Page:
Unlikely threats to a child's IQ: home renovations and toy tea sets

A toxin found in some homes may threaten children's IQs, according to Lorne Garrettson, associate professor of pediatrics at the School of Medicine and director of the Georgia Poison Center. The toxin is lead -- and it is found in the paint dust created during the renovation of older homes, Garrettson said. If children are exposed to it at high enough levels, lead may cause mental and physical developmental problems.

An estimated 2 million children are affected by lead poisoning each year in the United States. Between March 1992 and April 1993, 203 out of 4,200 children screened at DeKalb County health clinics showed elevated lead levels. Nine of the children were referred to physicians for treatment.

"Parents need to know that eating paint chips (which purportedly taste sweet) isn't the only way children are exposed to lead," Garrettson said. "Most of the children we see at the Toxicology Lab at Hughes Spalding Children's Hospital were exposed via dust created by friction on old paint around windows and doors, or during home renovations."

During the sanding or scraping of walls covered with leaded paint, a significant amount of lead dust is created, he said. Children become exposed either by breathing the dust or, once it has settled to the ground, ingesting it when they put fingers and toys exposed to the floor in their mouths. Garrettson said that paint used for the interiors and exteriors of homes built before about 1950 contains lead, but some lead was found in paints until 1978. The lead-poisoned children he has seen come from several older communities in Atlanta.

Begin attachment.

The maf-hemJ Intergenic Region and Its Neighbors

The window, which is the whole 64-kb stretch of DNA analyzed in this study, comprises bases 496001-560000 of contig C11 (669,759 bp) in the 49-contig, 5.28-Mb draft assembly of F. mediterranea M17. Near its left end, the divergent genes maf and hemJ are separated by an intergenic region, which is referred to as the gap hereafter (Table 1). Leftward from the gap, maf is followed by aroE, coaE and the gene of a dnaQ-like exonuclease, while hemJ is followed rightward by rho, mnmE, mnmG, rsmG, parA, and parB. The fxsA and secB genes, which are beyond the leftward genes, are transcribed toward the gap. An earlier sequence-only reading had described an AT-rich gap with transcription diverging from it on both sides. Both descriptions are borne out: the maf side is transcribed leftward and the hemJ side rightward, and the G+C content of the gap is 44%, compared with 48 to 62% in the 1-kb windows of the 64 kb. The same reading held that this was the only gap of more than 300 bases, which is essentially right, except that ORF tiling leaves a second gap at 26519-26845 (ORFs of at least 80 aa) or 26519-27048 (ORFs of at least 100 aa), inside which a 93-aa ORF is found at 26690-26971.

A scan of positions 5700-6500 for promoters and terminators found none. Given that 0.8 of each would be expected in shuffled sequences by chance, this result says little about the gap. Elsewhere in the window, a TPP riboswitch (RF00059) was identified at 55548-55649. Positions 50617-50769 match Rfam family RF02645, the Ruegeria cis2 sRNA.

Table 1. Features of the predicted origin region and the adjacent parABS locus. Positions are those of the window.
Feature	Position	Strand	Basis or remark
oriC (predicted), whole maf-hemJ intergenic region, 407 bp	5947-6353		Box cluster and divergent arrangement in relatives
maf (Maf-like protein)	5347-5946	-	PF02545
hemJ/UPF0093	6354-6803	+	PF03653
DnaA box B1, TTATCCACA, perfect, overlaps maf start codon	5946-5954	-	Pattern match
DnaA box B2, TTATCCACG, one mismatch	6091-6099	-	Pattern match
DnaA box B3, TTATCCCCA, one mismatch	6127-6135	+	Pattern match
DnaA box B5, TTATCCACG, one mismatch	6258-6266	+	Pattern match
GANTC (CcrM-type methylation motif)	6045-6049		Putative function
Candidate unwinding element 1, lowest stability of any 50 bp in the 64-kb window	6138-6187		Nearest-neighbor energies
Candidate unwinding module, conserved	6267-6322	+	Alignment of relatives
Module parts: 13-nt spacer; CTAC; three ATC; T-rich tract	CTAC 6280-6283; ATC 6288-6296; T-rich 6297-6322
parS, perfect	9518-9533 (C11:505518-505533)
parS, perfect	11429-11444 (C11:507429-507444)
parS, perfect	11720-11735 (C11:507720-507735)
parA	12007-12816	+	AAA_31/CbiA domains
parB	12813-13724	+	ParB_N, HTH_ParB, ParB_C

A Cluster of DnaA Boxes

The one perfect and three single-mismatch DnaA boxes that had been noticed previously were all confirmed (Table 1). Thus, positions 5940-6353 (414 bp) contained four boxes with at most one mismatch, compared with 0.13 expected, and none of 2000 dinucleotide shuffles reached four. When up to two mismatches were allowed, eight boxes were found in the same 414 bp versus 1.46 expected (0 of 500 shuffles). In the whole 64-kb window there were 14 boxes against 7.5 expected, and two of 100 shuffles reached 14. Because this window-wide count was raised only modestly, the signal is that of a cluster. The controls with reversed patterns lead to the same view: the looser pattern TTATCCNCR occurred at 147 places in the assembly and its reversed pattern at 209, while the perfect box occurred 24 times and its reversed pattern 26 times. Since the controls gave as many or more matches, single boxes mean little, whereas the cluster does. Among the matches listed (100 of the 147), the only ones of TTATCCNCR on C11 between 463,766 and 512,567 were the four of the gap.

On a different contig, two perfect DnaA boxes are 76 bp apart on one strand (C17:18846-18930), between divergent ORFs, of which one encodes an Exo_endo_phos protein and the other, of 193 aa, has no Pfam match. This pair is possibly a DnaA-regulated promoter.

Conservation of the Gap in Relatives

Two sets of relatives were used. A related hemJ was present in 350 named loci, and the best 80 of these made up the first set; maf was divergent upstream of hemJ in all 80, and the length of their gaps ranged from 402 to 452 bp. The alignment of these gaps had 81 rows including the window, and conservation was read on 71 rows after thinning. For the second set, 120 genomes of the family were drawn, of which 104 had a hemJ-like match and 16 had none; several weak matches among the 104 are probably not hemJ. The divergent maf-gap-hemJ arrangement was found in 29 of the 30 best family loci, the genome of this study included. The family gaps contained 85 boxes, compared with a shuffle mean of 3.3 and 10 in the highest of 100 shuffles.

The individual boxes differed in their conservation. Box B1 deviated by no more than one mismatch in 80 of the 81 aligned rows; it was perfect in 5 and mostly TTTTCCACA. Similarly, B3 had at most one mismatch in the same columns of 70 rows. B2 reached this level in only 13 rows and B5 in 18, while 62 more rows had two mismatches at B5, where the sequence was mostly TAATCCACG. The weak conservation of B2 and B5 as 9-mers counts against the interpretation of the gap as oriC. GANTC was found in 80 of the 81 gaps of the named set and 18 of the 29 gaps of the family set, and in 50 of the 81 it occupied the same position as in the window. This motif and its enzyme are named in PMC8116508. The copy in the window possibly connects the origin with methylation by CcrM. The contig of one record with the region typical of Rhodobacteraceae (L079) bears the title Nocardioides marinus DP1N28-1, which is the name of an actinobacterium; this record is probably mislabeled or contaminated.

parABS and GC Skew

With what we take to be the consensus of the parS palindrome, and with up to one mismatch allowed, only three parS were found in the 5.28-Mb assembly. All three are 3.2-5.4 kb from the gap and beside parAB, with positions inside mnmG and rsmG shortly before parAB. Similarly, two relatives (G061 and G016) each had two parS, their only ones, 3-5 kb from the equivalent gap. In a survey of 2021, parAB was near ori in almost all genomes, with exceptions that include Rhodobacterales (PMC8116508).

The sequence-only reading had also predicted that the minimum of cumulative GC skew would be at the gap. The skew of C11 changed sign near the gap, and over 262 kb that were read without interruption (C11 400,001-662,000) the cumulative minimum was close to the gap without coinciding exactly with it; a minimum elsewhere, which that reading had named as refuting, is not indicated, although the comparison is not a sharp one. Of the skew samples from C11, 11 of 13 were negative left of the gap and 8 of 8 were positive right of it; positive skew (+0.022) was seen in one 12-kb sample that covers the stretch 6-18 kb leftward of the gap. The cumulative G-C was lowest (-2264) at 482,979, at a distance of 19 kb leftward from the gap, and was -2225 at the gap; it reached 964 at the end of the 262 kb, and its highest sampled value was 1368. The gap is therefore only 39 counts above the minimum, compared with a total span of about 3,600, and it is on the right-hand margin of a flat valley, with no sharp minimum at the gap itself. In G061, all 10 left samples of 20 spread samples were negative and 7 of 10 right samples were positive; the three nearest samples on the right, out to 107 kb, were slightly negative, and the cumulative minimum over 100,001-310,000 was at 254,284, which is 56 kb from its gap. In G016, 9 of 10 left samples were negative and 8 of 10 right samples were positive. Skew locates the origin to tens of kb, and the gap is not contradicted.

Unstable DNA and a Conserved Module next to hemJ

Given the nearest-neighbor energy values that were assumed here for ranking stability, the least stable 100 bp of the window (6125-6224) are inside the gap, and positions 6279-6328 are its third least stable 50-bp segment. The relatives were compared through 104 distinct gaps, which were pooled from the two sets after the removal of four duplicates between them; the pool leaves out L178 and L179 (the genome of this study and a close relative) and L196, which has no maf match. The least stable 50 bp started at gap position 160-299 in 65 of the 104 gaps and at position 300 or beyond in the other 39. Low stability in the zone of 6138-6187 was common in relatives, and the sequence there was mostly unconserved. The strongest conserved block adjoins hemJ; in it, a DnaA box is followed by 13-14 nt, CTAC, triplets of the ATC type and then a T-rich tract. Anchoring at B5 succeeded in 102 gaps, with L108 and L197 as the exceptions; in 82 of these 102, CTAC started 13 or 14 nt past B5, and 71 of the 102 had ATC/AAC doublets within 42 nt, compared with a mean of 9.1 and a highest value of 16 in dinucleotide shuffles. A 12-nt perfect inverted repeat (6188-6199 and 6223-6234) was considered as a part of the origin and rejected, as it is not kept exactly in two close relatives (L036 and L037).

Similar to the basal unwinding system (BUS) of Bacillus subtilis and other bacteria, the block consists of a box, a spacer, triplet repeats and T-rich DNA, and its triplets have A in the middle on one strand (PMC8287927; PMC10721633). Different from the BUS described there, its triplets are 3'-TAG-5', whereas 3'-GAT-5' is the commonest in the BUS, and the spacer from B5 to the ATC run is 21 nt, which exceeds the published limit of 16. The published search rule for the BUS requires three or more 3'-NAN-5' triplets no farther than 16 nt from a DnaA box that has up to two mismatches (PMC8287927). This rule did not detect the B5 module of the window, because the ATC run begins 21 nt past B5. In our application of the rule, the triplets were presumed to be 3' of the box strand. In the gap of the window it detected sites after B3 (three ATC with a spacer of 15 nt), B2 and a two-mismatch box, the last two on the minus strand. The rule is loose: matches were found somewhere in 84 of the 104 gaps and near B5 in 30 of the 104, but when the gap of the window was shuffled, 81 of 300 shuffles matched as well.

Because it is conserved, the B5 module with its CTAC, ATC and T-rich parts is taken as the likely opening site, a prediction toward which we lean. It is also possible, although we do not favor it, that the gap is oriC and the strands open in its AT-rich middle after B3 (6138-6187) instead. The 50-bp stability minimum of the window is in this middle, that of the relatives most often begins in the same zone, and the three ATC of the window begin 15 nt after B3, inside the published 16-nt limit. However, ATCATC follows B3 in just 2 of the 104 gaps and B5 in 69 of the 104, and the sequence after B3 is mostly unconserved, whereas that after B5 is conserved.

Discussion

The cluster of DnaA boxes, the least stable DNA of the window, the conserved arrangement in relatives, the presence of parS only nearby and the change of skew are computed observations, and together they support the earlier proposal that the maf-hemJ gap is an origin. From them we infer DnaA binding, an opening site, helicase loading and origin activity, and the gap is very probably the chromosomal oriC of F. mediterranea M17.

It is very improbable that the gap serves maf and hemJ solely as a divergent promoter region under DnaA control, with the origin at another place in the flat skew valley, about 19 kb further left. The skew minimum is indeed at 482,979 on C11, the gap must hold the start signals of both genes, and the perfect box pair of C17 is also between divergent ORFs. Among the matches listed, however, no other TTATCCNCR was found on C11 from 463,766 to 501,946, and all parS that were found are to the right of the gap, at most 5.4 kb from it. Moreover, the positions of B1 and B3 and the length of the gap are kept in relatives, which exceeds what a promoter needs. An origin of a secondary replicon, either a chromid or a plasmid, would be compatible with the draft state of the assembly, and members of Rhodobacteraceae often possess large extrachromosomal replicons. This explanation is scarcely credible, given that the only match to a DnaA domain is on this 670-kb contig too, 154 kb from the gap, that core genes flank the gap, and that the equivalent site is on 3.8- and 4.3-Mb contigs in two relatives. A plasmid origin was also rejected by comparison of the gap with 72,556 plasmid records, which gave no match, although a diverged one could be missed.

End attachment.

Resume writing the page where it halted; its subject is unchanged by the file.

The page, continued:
Imported ceramics pose a much lesser threat to children, he said. Still, he pointed out that over the past few years, the U.S. Food and Drug Administration has recalled eight brands of children's ceramic tea sets manufactured in China.

If parents live in older homes, especially if the homes have been renovated, or if the child has actually been drinking or eating from ceramic cups and dishes, Garrettson recommends the child be tested. Parents should be sure lead levels are measured in the child's blood. After it enters the body, lead circulates in the blood, but is gradually stored in the bones and teeth.

Garrettson reminds parents that there are no obvious symptoms of chronic lead poisoning. Irreversible brain damage including mental retardation and selective deficits in learning, thought and behavior can occur. It's most harmful effect probably is its ability to hinder the connection among important nerve pathways in the brain. These connections are formed during the first five years of life. The greater the lead exposure, the greater the number of disconnected "circuits" -- and the greater the loss in IQ, Garrettson said. Other harmful effects include anemia and abdominal pain. Rarely, in extreme cases, convulsions, coma and even death may occur.

Lorri Preston is a clinical medicine writer in Health Sciences News and Information. The Wellness Column is coordinated by the Seretean Center for Health Promotion.

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